Nancy Chenoweth (1936 – 2023)

I met Nancy via a Zoom presentation with the Montelindo Garden Club in spring, 2021. I was demonstrating how to divide and repot Cymbidium orchids. Nancy contacted me soon after, saying “I see you work with bamboo. I have a bamboo problem. Can you help?”

Nancy lived about a two-minute drive from me; it was hard to say no.

She did, indeed, have a running bamboo problem, a massive 60 x 15-foot grove bordering the seasonal creek behind her home. It was sending underground tentacles toward the house, under stands of juniper, rhododendrons, azaleas, and a massive weeping cherry, and towards neighbors on either side.

I’m still working on it.

Nancy also had a front and backyard filled with spectacular specimen plants, all non-native, consisting of a multitude of focal points, including around 60 container plants on her vast backyard deck — the latter all requiring hand-watering multiple times a week during the summer. The deck’s arbor groaned under the largest wisteria I have ever seen, a vast bulk of flowering biomass attempting to pull down the chimney on the adjacent roof.

Her collection of Japanese maples was dizzying, both as established landscape trees, as well as container specimens.

Nancy was an impulse buyer. She’d see a plant at a nursery, and fall in love with it, without regard of having any particular location in mind for it.

The she’d bring it home and tell me to find a place for it.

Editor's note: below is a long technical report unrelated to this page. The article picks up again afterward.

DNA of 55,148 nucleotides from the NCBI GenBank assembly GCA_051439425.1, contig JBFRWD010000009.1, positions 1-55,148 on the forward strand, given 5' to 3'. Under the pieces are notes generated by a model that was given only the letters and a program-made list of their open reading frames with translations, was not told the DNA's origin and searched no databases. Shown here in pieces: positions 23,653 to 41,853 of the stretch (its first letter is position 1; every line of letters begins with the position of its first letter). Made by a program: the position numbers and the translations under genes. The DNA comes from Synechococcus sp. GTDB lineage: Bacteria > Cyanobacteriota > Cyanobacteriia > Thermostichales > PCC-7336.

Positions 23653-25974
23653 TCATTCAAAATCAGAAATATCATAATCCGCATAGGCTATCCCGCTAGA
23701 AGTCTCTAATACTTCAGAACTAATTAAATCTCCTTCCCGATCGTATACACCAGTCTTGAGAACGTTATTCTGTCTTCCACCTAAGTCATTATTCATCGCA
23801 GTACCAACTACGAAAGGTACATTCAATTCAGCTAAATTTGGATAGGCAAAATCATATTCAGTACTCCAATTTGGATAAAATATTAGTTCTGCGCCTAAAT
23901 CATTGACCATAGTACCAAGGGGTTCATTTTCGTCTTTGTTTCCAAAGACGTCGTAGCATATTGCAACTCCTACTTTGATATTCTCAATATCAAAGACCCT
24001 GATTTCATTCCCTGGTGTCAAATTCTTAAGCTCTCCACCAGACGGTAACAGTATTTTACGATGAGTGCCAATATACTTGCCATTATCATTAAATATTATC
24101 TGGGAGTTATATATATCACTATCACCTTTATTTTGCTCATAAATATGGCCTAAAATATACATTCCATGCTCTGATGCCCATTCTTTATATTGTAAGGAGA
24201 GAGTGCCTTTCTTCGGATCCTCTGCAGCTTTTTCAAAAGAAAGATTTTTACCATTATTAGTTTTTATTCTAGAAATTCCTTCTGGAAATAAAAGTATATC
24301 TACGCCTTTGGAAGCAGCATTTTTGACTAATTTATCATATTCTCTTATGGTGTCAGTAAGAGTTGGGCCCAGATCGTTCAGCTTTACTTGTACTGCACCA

Nancy had employed a gardening team for a few years, but the crew leader wasn’t easy to work with, and was, sometimes, argumentative, most likely about the relentless acquisitions. I tried to work with him, but felt he resented my presence. Nancy fired him him early in 2023, and asked me to take over all work in her yard.

Nancy always had something for me to do. We argued about her maples, and how, and when to prune them. She’d purchase exotic and pricey dwarf conifers, then procrastinate about their disposition, and I would need to water them three or four times a week during heatwaves.

She asked me to prune a spectacular, established, windswept black pine, and the delicate, low-growing, manicured juniper surrounding it, both arrayed in the manner of a Japanese garden.

I had never worked with plants like this, at such a level. It was a challenge.

Nancy always trusted me.

Her trust motivated me, and made me a better gardener.

Nancy was more than a client. She was a good friend. She was born and raised in Illinois, as were my parents, and embodied so many of the admirable character traits of people from the midwest.

Working with her was a collaborative process, based in research, communication, patience, and, always, trust.

Plants brought her joy, even as her health declined, and my job was ensure the yard and deck remained a familiar source of joy. I never felt any pressure, only shared happiness, and satisfaction. And, although neither of us would ever feel her yard was perfect, or “done,” working with Nancy was always rewarding.

The photo above was taken in late July, when Nancy was in hospice for pancreatic cancer.

Just before the photo was taken, she grabbed my hand. and squeezed it.

It was the last time I saw her.

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